Time to complete: 1 hour and 12 minutes

Distance: 4.4 kilometers

Difficulty level: Easy

The Fulford Harbour Loop, also known as the Fulford Harbour Trail, is a 4.4-kilometer loop trail on Salt Spring Island. The trail winds through forests along the waterfront with views of the Gulf Islands and the Salish Sea.

Make sure to stop at the lookout point near the beginning of the trail, which offers stunning views of the harbor. You may also see deer, eagles, and other wildlife along the trail, but it’s relatively quiet and uncrowded, making it a great place to relax and enjoy nature.

Pro tip:
Wear good shoes because although the trail is well-maintained, some sections can be muddy or slippery. You could also drop by the Fulford Harbour, a charming little town with several shops and restaurants.

5. Arbutus Greenway

Address: 2205 W 11th Ave, Vancouver, BC V6K 4T1, Canada

Time to complete: 1 hour 44 minutes

Distance: 8.5-kilometer

Difficulty level: Easy

The Arbutus Greenway is an 8.5-kilometer multi-use pathway with a car-free corridor for walking, cycling, and rolling, stretching from False Creek to the Fraser River. The greenway follows the path of a former rail line.

Besides enjoying the greenway without worrying about traffic, it winds through Kitsilano, Shaughnessy, and Fairview. The greenway is a popular spot for locals and tourists alike for a walk, bike ride, or jog.

Pro tip:
The greenway is not lit at night, so be sure to bring a headlamp or flashlight if you plan on using it after dark. You can take a break at one of the many parks along the greenway, such as Quilchena Park or Kerrisdale Park.

6. Saltspring Island Cheese Farm Loop

Address: Saltspring Island Cheese Farm, 1230 Mt. Maxwell Rd, Saltspring Island, BC V8K 1T2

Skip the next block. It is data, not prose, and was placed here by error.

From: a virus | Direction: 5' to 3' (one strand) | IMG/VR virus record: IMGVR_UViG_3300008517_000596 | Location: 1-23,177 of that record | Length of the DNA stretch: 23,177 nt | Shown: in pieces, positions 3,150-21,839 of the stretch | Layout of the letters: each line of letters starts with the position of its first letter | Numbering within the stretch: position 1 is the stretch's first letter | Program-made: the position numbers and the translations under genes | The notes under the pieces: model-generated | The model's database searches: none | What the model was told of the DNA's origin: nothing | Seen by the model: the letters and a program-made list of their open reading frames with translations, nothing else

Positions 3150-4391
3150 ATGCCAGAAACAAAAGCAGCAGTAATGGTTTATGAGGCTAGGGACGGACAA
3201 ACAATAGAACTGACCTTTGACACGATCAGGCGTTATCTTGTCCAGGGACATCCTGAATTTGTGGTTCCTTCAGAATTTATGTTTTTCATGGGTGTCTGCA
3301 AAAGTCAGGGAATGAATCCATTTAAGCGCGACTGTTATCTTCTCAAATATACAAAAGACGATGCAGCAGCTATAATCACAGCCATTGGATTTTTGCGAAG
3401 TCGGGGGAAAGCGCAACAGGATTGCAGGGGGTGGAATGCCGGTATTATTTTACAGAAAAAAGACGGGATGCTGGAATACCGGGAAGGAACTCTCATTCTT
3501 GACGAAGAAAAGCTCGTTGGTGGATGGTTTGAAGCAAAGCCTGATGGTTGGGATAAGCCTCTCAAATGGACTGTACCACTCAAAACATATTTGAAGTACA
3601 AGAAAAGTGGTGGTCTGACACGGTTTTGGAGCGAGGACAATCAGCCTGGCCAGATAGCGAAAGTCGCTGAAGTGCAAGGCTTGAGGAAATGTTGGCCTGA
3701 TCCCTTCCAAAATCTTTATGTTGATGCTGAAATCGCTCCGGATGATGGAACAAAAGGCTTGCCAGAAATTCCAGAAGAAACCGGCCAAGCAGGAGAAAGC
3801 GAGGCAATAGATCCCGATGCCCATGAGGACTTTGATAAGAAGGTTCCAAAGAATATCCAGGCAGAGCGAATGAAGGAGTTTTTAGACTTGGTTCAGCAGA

Time to complete: 30 minutes

Distance: 3.2-miles

Difficulty level: Easy

The Saltspring Island Cheese Farm loop is a 3.2-mile, easy trail near the Trust Area. The trail is relatively flat and well-maintained, making it a good option for families with young children or new to hiking. 

The trail offers stunning countryside views, including the Gulf Islands and Mount Baker. You’ll likely see deer, eagles, and otters and pass by the award-winning Salt Spring Island Cheese Farm, where you can sample some of their delicious cheeses.

Pro tip:
The trail is exposed to the sun in some areas, so bring sunscreen and insect repellent. It’s also mostly gravel, so wear sturdy shoes with good traction.

7. Stanley Park Inner Loop

Address: Stanley Park Loop, Vancouver, BC V6Z 1A2, Canada

Time to complete: 2 hours

Distance: 27 kilometers

Difficulty level: Easy

The Stanley Park Inner Loop is a 27-kilometer paved trail that circles the park’s interior. It’s a popular choice for runners, cyclists, and walkers and offers views of the forest, Second Beach, and the Lions Gate Bridge.

It’s a shorter loop that takes in some historic landmarks, including the Stanley Park Pavilion, the Brockton Point Lighthouse, and the Nine O’Clock Gun. It’s also a good option for families with young children, as it’s mostly flat and easy to navigate.

Pro tip:
Stop at Second Beach, the Lost Lagoon or Beaver Lake for a swim or to relax. You can rent a bike at the park and explore the loop on two wheels.